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43 minutes ago, ReX said:

 

Fair suggestion, but - to give you an example - I wouldn't expect to write on a contract: "the floor tiles should be perfectly leveled, the 3mm gap should be consistent (not only when you feel it) and you shouldn't chip the existing tiles". I would expect this to be by default the normal outcome of extending an existing tiled floor.

 

Or to give another example, during the installation of a steel frame box (to replace a load bering wall) I found by chance that the builders had inverted the lower beam and the upper beam. This happened just because the beams drawings were left on the floor and looking at it for a second it was clear that the lower beam had additional steel to sustain the weight of the side posts.  Thankfully they hadn't yet removed yet the acros and reinstalling it properly was quick.

 

How can you possibly prevent these issues with a contract?

 

Well "perfectly" level is open to interpretation unless you take it literally in which case it is impossible. Level to +/- 5mm (for example) can at least be measured.

 

Chipping existing tiles I'd expect to be taken care of by you having taken photos of the starting condition. Unless a builder had specifically said "we can't guarantee we won't damage "X" while doing these works", they should take responsibility for rectifying that.

 

When it comes to doing things fundamentally wrong , accidents, mistakes - you're right. Nothing you can do about this other than make sure they are spotted and rectified. That's why there are project managers, defects periods, retention and the like. On multi-million pound building sites there are whole departments and huge amounts of money dedicated to sorting out mistakes and sub-standard workmanship because they fundamentally can't be avoided.

 

The safest way is to do it yourself. The next safest is to watch the person doing it like a hawk. The next safest is to hire someone you trust to watch the person doing it like a hawk. And so on it goes until you have the structure of a large main contractor. Half the people are there to check the work of the other half.

 

 

Edited by Nick

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55 minutes ago, ReX said:

How do you deal with builders and specialists that don't deliver the quality you expect?

 

I have always used recommended builders and contractors, that have worked on projects and houses much larger (and more expensive) than mine, but unfortunately I have never been happy with their work.

 

Most of the times I had to step in during the job  and ask, suggest (or even do myself to show how it should be done) what I was expecting from them.

I am conscious that I am very demanding and perfectionist, but it is disappointing to see how little care and precision is delivered if the customer is not there to chase them.

 

Eventually I reached the conclusion that it is better for me to do stuff on my own (tiling, plastering but also plumbing, electricity, bespoke staircase, bespoke furniture - these are few of the examples) than let someone else do the job, keep an eye on the job and then end up fixing or correcting the errors (if possible).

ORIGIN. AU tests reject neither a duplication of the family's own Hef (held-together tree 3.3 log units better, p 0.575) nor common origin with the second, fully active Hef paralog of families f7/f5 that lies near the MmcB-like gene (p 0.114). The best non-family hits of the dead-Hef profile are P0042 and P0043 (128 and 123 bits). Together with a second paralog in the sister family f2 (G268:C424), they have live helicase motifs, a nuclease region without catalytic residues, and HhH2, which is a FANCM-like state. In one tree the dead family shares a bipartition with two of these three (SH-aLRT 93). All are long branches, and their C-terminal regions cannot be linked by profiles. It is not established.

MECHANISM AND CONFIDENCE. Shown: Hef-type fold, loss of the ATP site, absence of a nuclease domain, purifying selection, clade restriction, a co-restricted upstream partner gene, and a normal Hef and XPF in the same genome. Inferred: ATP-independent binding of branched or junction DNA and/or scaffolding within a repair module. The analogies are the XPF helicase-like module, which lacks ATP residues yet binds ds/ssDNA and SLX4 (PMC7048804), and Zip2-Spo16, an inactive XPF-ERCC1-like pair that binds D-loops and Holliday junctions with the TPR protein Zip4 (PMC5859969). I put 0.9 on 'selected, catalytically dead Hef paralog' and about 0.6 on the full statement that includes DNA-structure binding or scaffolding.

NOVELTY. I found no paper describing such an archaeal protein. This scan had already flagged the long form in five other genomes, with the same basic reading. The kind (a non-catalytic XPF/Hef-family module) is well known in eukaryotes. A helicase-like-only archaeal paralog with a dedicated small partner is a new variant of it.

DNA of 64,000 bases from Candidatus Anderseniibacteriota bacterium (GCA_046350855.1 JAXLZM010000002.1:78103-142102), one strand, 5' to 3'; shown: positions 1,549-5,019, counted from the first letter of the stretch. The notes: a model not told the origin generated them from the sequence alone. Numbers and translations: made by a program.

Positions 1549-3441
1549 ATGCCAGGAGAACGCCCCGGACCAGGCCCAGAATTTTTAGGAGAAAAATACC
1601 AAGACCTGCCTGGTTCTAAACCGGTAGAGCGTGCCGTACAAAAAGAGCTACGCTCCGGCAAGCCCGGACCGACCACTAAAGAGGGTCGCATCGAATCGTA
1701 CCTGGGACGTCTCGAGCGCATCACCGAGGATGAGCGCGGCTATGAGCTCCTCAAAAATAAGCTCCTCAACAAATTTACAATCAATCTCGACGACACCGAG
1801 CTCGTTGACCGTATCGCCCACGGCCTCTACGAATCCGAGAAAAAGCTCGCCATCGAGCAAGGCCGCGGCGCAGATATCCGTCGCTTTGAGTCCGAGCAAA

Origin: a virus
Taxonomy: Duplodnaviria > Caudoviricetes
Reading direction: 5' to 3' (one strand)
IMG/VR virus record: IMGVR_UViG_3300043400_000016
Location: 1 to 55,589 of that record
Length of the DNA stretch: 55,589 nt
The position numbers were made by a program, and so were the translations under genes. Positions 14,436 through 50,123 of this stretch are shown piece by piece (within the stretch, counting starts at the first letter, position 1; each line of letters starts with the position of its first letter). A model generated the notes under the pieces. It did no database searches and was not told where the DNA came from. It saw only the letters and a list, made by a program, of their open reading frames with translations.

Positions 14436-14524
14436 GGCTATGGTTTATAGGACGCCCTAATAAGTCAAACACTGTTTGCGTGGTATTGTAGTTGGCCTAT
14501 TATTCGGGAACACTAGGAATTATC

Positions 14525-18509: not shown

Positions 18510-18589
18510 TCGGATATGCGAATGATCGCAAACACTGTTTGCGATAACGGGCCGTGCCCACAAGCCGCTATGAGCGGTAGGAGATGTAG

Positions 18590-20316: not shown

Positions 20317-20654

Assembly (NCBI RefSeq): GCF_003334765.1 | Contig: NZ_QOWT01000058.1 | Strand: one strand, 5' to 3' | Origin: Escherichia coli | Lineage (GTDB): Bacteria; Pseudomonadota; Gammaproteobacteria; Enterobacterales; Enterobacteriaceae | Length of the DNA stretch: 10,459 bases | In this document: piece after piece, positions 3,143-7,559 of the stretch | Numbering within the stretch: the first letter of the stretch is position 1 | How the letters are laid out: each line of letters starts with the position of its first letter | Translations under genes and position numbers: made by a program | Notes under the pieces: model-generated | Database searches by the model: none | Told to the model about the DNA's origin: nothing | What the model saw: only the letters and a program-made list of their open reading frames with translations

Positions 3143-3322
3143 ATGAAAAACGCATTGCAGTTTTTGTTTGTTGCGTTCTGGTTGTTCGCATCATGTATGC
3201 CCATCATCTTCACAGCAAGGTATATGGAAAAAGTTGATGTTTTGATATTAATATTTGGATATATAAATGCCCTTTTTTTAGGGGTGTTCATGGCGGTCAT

Unfortunately I don't have the time neither the energy to do large jobs on my own, so I am now back again with a builder that is doing stuff more poorly than I could do on my own. 

 

Is there an etiquette to deal with these situations?

I don't want to be rude toward the builder (that is very nice and friendly) but knowing myself I will be bothered to see a finished product not as good as I would like.

 

Quite simple

 

Do what my wife and myself have done

Do most of the work yourself 

Especially the work that is on show 

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The stuff I do for our build is almost always less than perfect.

 

Made a window cill this morning. But the reveals and header need to be made too, before  (....) can be done. And we need to be 'in' by January 1st. It's the same with everything. It can always be done better.

Any home is a million compromises assembled, jointed and glued in one place 

 

Tempus fugit. 

 

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I think Oz07 touched on the point, way too many trades with no pride in their work. I always look at building work on my travels and I am shocked at what people are expected to accept. I've done everything myself for that exact reason, don't want to be in the position of having to pull a trade cos I'm not happy with their standard of work. IMO, sadly we live in a world where it's more about the money than looking at a job and knowing it's spot on (and that's not just about the building trade)

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What you also have to take into account is the trade that are floating about doing private work are not used to having there work scrutinized and are not the best 

Also most self builders are unlikely to provide repeat business

 

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1 hour ago, Nick said:

 

Well "perfectly" level is open to interpretation unless you take it literally in which case it is impossible. Level to +/- 5mm (for example) can at least be measured.

 

You are right - I rushed my reply. Indeed the contract stated that the tiles would hav been installed with the same tolerance, accuracy and gaps of the existing floor (that was perfect, the only tile slightly not leveled is not even 1 mm above the next one).